Adam And The Ants
Kings Of The Wild Frontier at Brixton Academy
Friday 10th June
I was ten years old when Adam Ant mania first swept across the nation in 1980. Girls loved him, boys loved him, he was beautiful, a dandy man, a pirate, an original punk. I loved him because I was completely captivated by those Burundi Drums; the ferocious tribal rhythms that propelled Adam And The Ants’ second album ‘Kings Of The Wild Frontier’ into the world’s pop consciousness. My dad had a small African drum that I endlessly tapped and whacked, imagining I was part of the ants tribe. I so badly wanted to play drums. And that all started with Adam And The Ants.
The first time I saw them live was on The Prince Charming Revue tour in 1982 at the Hammersmith Odeon. My parents took me and it totally blew my mind. He had a huge pirate ship onstage and those tribal drums and the whole spectacle electrified me (my mum less so, she stood up in the interval and tried to go home thinking it was the end of the show. She now says she wasn’t bored, she was just gagging for a smoke).
Fast forward thirty-four years and I’m standing at Brixton Academy once again waiting for Adam Ant to arrive onstage and do it all over again, playing ‘Kings Of The Wild Frontier’ in its glorious entirety. I’ve seen Adam Ant a few times in the last few years since he returned to the stage. Whilst at those gigs he’s mainly focused on his incredible punk-era material, reinstating his position as one of the original punks, he’s only dipped his toes into the sparkling waters of his mainstream pop years. Now, however, it’s time to revisit the record that for a brief moment in the early 80s, made Adam one of the most iconic and recognisable names in pop.
With two drummers perched high on two risers, Adam strutted to the front of the stage, looking every bit the star he was back then (if he doesn’t take off his hat he looks much the same) and as the band kick into the album’s opening track ‘Dog Eat Dog’ the whole venue detonates in a rush of adrenalized nostalgia that melts away the years and resonates with every individual who was touched by this glorious sound. The sound is fantastic, the impact huge and before we’ve even had a chance to draw breath here comes ‘Ant Music’, another huge hit from the album that has the entire crowd chanting along with every word (“cut off its head, legs come looking for you!”).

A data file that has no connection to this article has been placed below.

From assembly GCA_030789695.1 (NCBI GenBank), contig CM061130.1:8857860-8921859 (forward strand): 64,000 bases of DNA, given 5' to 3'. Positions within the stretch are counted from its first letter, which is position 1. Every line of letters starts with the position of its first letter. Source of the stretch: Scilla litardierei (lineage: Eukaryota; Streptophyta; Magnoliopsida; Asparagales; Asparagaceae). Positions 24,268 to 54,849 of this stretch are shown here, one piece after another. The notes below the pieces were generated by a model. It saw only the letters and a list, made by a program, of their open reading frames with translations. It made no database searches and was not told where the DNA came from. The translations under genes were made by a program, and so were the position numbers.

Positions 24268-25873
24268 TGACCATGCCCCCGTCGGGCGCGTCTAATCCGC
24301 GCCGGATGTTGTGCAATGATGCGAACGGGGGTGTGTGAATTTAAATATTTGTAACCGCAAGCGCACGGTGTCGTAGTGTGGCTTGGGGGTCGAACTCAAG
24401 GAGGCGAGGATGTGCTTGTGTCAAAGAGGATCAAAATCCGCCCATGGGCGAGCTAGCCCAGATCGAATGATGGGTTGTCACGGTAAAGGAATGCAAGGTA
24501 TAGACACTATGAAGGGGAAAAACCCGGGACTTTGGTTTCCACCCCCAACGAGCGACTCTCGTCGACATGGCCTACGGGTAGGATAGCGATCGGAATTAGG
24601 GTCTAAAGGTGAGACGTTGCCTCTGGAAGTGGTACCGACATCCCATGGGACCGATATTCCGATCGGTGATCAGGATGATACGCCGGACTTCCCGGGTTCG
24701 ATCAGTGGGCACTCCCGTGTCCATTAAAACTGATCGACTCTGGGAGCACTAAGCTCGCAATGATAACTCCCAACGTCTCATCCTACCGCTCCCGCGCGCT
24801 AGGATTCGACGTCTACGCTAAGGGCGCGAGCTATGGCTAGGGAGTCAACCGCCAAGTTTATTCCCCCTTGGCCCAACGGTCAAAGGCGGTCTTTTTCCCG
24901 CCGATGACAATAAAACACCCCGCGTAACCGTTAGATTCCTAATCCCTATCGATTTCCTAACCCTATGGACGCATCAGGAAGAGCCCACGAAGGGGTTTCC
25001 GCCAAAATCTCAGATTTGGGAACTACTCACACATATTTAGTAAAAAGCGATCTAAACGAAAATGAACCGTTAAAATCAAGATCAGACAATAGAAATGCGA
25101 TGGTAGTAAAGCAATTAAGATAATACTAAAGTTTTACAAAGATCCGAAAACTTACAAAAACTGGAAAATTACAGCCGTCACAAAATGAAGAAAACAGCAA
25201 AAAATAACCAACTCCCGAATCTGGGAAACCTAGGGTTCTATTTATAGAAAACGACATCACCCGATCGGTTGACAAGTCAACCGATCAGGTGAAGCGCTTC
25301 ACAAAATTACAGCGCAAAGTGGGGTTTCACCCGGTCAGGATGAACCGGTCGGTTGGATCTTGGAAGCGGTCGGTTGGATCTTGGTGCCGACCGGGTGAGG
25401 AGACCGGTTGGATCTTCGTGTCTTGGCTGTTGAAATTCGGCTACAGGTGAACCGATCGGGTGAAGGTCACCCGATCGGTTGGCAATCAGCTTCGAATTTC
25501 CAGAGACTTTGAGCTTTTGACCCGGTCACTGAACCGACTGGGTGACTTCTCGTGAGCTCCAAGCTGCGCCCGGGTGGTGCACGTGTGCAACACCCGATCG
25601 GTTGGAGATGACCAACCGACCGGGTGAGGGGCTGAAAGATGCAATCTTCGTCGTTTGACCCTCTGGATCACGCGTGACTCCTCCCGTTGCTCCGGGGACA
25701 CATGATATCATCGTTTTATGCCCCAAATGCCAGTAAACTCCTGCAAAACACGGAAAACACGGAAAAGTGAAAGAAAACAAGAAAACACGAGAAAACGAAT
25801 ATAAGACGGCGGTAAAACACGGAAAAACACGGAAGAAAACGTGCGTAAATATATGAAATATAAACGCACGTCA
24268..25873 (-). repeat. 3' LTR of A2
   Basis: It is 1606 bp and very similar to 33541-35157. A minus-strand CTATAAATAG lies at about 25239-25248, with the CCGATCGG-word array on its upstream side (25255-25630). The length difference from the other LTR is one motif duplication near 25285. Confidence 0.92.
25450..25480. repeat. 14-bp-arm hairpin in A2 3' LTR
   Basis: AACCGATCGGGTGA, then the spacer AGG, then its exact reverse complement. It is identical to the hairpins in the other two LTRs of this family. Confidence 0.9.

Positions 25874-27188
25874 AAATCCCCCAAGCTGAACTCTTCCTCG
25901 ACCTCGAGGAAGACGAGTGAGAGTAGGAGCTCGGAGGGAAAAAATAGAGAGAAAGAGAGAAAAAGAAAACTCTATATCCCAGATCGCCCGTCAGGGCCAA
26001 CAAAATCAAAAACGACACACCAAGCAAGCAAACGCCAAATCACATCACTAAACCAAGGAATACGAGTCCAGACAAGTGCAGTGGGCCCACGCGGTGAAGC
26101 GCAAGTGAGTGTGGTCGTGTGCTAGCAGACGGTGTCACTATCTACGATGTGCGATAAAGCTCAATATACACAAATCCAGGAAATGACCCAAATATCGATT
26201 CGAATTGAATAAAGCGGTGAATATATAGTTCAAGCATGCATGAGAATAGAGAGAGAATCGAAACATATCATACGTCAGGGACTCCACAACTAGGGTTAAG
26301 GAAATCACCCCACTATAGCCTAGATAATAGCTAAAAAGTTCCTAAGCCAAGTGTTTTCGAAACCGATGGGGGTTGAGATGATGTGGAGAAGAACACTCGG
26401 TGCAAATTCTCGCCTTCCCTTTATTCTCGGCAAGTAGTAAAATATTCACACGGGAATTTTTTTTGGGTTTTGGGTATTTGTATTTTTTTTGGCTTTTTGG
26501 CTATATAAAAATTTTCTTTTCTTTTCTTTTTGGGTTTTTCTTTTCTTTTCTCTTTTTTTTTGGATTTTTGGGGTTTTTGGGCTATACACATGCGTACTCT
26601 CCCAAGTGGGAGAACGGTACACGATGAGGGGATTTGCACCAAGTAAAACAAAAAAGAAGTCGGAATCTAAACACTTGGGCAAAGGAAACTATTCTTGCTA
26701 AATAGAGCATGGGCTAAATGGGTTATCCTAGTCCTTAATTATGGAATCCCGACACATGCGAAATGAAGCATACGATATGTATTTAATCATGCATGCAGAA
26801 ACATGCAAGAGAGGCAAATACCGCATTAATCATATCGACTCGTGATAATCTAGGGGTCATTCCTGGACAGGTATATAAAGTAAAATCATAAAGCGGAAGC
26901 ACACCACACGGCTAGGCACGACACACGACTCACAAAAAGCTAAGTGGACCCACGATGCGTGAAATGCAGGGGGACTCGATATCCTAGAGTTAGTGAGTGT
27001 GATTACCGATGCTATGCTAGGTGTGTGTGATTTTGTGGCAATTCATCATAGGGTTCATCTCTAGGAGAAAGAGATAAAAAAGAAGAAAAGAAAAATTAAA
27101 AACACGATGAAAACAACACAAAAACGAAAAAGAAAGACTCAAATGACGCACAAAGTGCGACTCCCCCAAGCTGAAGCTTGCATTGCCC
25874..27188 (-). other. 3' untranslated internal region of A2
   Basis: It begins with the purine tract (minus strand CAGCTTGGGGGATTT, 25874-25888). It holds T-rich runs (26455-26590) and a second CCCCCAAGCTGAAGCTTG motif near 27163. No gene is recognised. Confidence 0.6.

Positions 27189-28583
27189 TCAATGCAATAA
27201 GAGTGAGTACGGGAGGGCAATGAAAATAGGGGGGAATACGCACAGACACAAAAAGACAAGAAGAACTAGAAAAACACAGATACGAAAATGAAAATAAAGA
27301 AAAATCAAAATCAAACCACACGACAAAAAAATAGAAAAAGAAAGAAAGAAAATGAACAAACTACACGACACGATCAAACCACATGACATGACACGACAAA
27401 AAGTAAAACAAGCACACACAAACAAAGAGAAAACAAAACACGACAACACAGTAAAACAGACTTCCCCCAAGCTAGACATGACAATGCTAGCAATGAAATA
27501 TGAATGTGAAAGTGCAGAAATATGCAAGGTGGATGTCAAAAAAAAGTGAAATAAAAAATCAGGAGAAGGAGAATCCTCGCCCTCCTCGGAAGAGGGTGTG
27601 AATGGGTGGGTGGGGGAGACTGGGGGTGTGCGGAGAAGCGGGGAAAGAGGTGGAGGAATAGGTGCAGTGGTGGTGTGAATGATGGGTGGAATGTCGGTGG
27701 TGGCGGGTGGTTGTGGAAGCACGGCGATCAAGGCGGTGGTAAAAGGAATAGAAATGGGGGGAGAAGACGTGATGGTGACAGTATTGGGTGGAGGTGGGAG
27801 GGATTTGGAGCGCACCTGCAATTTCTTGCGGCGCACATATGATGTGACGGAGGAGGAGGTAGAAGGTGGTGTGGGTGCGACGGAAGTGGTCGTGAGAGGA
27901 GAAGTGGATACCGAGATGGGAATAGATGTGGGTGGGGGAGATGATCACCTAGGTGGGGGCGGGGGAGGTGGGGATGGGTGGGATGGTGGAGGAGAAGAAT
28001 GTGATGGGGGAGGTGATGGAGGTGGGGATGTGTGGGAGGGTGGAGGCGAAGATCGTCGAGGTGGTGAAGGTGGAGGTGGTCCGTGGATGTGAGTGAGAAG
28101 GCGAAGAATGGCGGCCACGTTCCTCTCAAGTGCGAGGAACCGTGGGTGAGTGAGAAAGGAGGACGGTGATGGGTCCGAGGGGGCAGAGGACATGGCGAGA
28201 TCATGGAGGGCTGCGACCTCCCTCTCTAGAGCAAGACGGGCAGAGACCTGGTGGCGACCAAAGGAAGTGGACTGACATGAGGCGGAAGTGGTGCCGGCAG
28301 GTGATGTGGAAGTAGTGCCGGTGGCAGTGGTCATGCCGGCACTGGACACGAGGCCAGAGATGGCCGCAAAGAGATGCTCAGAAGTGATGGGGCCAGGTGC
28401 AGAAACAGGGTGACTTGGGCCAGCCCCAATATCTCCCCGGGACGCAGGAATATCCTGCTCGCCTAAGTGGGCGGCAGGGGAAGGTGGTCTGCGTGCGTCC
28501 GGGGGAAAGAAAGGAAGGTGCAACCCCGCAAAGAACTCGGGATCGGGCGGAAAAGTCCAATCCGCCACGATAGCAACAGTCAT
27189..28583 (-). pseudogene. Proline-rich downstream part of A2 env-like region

As the album plays out and Adam throws himself into every word, note and beat, for such a huge mainstream selling record at the time, it becomes clear how strange and unsettling much of the album is. Although written with an entirely different band to Adam’s debut ‘Dirk Wears White Sox’, ‘Kings…’ was crafted with punk still beating in its heart, a long way from the pop sheen of ‘Prince Charming’ and what came after. ‘Ants Invasion’ particularly, sounds utterly menacing tonight; that creeping riff crawling across the venue, biting all in its path, Likewise ‘Killer In The Home’ is moody, bleak and immensely powerful.
With that sophomore played in full, a few short breaths to recover, the band are back to plough through a selection of tracks that cover Adam’s entire career. Early punk era-tracks like ‘Beat My Guest’, ‘Never Trust A Man With Egg On His Face’ and ‘Cartrouble’, despite their age, still sound utterly contemporary, such is their influence and the forward thinking nature of their writer. These, mixed with moments from his mainstream pop years (‘Prince Charming’, ‘Goody Two Shoes’, ‘Stand And Deliver’) make for a joyfully electric set that should give Adam the respect he deserves. His wilderness years behind him, it’s great to have the ant army back.
As an extra bonus, enjoy these scrap book Ant raps from when I was a child. :)